In History

ANCIENT ORIGINS

Although recorded belief in demonic possession only dates back as far as 500 BC Egypt, earlier civilizations believed in evil spirits.


The Judeo-Christian legend of Satan, a powerful evil being independent of God, probably began around 583 BC, influenced by Babylonians who ruled the Hebrew people.

Christianity furthered possession and exorcism as preeminent beliefs in the civilized world. The Bible carries many tales of Jesus driving devils out of various mortals. He then passed on the power and right of exorcism to his disciples.

SATAN VS. THE CHURCH

Satan assumed a more prominent place in daily life when Christianity became the official religion of Rome. He and his minions were believed able to possess human beings and sometimes even assume human form themselves to carry out their evil purposes.

During the Middle Ages, public exorcisms proved to be popular crowd-pleasers and were often accompanied by severe torture. Victims, many of whom were only guilty of being non-Christians or mentally ill, were often branded as witches or sorcerers, to justify the Church's actions.

POSSESSION OR NOT?

As early as 1583, the Church recognized that some forms of mental illness could cause a person to seem possessed.


In fact, the "Roman Ritual," shown in The Exorcist and first published in 1614, cautions its users to make sure the case cannot be explained by normal psychological means.

Modern psychological and medical discoveries, such as Tourette's Syndrome, have given the Church more ammunition to scientifically explain most cases of possession.

The "Roman Ritual" is now rarely used - and only in those cases where no other explanations can be found.

THE ROMAN RITUAL

  • The Litany
  • Psalm 54
  • Adjuration (calling on God’s help)
  • Gospel readings
  • Preparatory prayer
  • First exorcism
  • Prayer for success
  • Second exorcism (commands to the evil spirit)
  • Another prayer for success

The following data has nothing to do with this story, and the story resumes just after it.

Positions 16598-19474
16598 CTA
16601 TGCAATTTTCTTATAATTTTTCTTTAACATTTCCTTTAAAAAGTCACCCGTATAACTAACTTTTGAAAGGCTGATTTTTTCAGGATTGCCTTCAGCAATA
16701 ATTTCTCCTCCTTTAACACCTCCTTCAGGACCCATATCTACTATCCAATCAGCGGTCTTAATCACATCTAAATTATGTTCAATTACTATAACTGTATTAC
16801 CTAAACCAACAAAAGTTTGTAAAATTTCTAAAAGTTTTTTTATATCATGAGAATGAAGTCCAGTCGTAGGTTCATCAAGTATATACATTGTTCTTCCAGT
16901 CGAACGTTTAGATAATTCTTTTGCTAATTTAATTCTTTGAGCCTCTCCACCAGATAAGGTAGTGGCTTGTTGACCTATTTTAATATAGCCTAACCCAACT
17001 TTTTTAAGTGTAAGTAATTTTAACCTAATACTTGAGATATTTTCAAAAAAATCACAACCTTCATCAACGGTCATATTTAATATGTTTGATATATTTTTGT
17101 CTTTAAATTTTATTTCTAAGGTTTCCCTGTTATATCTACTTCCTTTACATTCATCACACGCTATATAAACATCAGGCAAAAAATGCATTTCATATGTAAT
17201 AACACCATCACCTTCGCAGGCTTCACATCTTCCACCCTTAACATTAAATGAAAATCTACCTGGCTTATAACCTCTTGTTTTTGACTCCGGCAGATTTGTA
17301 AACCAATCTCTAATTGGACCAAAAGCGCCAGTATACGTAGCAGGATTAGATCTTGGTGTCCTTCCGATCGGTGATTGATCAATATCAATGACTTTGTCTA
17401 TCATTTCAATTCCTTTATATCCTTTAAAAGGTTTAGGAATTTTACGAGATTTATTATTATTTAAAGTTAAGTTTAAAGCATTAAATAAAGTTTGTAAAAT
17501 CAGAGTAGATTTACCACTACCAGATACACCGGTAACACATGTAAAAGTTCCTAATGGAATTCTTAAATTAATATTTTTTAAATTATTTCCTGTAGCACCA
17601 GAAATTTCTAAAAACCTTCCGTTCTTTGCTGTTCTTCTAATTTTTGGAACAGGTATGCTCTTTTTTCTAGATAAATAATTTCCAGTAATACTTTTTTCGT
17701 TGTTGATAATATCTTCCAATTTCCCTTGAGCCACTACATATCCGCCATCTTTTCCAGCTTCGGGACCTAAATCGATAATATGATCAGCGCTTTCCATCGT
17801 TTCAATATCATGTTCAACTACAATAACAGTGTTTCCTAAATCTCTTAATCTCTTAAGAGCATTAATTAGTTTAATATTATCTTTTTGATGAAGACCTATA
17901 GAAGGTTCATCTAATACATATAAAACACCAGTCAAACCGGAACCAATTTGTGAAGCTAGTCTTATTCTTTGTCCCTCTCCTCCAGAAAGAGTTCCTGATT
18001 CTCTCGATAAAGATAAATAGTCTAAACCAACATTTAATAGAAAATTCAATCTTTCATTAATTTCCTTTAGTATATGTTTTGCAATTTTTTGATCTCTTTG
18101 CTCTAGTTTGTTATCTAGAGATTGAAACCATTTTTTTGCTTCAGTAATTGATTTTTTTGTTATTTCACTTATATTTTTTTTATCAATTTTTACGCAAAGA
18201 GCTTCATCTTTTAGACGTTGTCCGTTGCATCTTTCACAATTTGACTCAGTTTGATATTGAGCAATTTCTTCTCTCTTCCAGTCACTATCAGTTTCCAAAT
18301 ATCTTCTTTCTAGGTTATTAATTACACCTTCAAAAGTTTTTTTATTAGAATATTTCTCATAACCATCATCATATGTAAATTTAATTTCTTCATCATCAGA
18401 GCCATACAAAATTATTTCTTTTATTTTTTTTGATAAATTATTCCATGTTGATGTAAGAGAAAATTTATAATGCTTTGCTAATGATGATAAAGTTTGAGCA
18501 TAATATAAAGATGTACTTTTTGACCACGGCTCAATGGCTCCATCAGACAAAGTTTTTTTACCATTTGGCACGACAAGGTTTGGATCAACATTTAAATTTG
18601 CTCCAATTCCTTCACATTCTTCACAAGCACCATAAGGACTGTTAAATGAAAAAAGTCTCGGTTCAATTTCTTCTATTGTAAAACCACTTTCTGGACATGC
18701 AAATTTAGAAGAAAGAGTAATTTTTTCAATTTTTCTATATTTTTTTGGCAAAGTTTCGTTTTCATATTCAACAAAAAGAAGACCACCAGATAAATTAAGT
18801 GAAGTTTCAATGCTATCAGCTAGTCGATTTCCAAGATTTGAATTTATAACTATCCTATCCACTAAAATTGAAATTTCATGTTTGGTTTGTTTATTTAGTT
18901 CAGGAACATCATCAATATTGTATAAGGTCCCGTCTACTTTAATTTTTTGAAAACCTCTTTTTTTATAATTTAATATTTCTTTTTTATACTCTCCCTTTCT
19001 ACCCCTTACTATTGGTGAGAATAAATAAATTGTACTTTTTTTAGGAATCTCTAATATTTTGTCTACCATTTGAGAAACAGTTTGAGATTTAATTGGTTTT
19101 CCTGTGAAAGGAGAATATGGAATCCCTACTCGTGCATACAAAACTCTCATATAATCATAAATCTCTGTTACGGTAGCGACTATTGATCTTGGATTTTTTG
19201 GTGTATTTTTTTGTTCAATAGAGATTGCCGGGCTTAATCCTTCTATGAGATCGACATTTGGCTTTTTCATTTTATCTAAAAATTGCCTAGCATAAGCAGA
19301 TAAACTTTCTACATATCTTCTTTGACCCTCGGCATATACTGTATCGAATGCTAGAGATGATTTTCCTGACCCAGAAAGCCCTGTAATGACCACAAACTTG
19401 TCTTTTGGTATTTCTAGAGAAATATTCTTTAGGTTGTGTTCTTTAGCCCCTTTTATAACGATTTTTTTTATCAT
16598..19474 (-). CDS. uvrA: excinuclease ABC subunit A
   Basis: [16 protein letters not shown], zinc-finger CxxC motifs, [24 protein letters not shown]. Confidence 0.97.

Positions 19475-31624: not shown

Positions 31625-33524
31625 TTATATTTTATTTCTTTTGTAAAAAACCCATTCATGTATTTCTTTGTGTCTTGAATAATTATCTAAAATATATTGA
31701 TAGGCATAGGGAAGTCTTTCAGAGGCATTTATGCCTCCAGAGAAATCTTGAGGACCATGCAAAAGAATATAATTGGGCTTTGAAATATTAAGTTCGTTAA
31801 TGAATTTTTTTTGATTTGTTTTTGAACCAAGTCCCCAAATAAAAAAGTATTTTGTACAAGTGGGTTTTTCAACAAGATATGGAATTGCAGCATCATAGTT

• Third and Final exorcism (similar to second exorcism)
  • Final prayer.

  • By Church law, no priest can perform a formal exorcism until he is fully persuaded of the individual's possession and receives the Church's blessing. Signs of "true possession" include speaking in foreign tongues, ability to predict the future or displaying powers beyond the person's age or natural condition.


    Before beginning an exorcism, a priest usually investigates past cases to help guard him against tricks the demon might try to play.

    The "Roman Ritual" begins with the priest going to confession and Mass and dressing in surplice. The priest starts the actual procedure by making the sign of the cross over the subject, himself and any bystanders, then sprinkles holy water around the room.



    Next, he recites the Litany of the Saints and a selection of psalms, prayers and invocations from the Gospel, interspersing "Hail Marys" and the "Athanasian Creed."

    There are also several formal addresses made directly to the demon, ordering the demon to leave the subject's body with the words "the power of Christ compels you!"

    Throughout the Ritual, the priest frequently makes the sign of the cross and tries to draw the subject into the Ritual.

    The demon is not considered exorcised until it tells the priest its name and its purpose. Once the demon leaves the subject, the subject is warned to guard themselves carefully and abstain from sin, to keep the demon from returning.



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